nonetheless be noted at this point that, in the "conjunctive"
manifestation of which we shall later speak (the thematization, for
example, not merely of a single shoe, but of the pair), perceptual
"conjuncts" as such require one another. As a member of the pair,
the left shoe cannot exist without the right. Left and right reciprocally
found one another.Each conjunct is "transparent" to the other,each
"reflects" the other.The point at which Husserlian mereology and the
Hua-yen vision of absolutely unimpeded interpenetration(shih shih
wu ai(d)) appear,however,most decisively,to part company is at
Husserl's admission,and Hua-yen's rejection, of the possibility of
unidirectional and non-reciprocal founding relationships. For Hua-yen,
all shih(c) reflect one another reciprocally. And although the Husserlian
model of reciprocal transparency does help to elucidate Hua-yen insights,
it is not, it would seem, universally applicable. In our later discussion
of Husserl's phenomenology of the "world-horizon," we shall have
occasion more decisively to overturn this impression. But that must remain,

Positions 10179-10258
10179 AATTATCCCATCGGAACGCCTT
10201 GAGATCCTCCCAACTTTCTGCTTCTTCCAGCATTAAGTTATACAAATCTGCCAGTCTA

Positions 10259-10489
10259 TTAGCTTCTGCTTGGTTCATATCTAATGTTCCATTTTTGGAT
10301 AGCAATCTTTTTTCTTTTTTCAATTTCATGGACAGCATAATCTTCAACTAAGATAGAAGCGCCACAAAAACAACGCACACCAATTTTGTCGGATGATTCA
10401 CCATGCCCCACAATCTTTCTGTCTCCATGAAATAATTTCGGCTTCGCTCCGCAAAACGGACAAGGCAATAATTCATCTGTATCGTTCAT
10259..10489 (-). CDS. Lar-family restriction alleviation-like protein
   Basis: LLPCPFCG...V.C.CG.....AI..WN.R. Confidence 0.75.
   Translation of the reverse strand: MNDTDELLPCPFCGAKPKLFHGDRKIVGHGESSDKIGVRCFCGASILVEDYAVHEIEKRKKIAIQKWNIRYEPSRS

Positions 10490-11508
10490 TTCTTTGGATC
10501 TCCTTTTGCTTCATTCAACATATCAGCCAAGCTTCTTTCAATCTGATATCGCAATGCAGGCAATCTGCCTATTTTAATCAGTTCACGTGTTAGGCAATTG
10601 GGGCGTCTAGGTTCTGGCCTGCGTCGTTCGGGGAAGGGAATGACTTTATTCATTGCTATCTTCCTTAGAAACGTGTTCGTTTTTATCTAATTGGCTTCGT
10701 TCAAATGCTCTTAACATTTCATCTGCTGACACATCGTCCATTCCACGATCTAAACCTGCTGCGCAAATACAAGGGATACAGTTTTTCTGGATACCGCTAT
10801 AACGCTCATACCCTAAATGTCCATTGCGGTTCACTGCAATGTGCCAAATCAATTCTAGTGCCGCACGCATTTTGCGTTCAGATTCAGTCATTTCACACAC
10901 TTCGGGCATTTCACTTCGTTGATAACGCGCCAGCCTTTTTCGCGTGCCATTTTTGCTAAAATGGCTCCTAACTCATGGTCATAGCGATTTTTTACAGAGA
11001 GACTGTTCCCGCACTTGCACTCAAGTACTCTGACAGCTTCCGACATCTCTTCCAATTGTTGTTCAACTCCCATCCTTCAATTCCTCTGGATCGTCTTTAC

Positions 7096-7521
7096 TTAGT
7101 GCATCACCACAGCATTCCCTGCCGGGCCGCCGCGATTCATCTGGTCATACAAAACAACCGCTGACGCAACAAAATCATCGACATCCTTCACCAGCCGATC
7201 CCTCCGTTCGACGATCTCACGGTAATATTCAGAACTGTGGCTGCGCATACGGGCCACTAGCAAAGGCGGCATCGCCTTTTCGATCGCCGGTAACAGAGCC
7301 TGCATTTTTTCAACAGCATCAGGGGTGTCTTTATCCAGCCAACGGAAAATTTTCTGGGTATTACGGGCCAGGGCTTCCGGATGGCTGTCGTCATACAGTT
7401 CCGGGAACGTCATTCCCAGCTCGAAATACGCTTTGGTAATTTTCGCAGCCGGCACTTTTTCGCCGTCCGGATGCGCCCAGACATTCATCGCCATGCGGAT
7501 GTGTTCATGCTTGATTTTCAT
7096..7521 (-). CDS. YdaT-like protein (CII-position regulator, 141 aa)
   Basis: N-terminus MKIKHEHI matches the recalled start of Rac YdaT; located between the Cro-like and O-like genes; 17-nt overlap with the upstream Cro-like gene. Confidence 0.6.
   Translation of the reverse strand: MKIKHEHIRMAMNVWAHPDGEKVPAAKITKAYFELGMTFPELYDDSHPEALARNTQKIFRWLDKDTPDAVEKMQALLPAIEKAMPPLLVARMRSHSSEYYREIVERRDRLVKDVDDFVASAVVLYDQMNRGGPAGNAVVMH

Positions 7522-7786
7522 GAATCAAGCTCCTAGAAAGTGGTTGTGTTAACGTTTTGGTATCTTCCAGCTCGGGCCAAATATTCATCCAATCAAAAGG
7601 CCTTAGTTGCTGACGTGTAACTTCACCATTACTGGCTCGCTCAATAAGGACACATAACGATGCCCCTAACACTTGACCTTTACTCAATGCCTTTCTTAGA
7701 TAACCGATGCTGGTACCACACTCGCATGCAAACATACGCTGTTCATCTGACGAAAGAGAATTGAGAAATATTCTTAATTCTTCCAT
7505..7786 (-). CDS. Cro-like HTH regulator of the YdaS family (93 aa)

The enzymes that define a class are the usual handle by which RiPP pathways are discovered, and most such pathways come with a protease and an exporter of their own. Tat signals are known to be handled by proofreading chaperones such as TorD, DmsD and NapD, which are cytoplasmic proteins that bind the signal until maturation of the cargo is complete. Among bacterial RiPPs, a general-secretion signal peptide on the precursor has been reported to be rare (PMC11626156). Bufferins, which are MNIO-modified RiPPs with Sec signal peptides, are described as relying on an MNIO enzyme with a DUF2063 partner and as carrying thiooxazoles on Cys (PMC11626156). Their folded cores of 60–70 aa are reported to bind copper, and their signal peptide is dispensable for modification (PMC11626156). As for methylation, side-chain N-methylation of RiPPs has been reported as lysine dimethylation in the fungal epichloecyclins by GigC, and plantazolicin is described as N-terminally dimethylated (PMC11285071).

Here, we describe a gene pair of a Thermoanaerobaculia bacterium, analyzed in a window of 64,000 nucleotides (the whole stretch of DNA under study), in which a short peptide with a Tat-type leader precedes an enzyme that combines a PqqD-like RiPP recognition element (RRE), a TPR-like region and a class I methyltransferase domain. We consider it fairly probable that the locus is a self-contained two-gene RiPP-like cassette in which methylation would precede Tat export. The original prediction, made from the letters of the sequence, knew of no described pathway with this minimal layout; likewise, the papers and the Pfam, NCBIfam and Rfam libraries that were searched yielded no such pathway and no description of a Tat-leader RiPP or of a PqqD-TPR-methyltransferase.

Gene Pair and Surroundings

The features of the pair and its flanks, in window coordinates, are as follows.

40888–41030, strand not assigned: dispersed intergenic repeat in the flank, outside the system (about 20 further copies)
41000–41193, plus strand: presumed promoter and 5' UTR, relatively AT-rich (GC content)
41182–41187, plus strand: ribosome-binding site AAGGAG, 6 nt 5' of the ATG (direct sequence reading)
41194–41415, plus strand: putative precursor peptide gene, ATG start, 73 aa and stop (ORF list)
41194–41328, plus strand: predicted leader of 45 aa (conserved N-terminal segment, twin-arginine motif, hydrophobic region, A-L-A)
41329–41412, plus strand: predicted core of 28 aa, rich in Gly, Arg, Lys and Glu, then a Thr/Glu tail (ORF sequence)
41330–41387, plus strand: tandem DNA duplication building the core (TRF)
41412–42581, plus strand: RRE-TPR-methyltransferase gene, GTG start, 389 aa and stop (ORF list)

for the present, a promissory note.

Second, All in One
Many of the insights of Hua-yen Buddhism can be transposed into
the counterpart Husserlian idiom by appeal to the fundamental
phenomenological notion of "horizon." Gazing out across the brilliant
blue Pacific, one inescapably confronts the horizontal limit which divides

earth from sky. The "line" that we see is not, of course, a physical
constituent of either, but serves rather to demarcate the almost
unimaginably voluminous object on which we stand from its celestial
background. Standing ashore, one can watch the steamship's laborious
passage to the horizon, and its final "descent" beyond it. Though
it passes out of view, the mind can nonetheless imaginatively follow
the ship's course. The various objects of our acquaintance are similarly
limned, exhibiting an horizontal demarcation which distinguishes them
from their background. Though only a single aspect of an object is fully
present to us at a time, the mind can likewise follow the course of
possible alternative presentations as available from standpoings "beyond"
the horizon. This anticipatory apprehension of what the object would look
like were we situated in such a way that its now-absent profiles were present
to us is one of the functions of the imaginal anticipatory modality of
consciousness that Husserl calls "apperception."

Should we now embark on a voyage to circumnavigate the planet,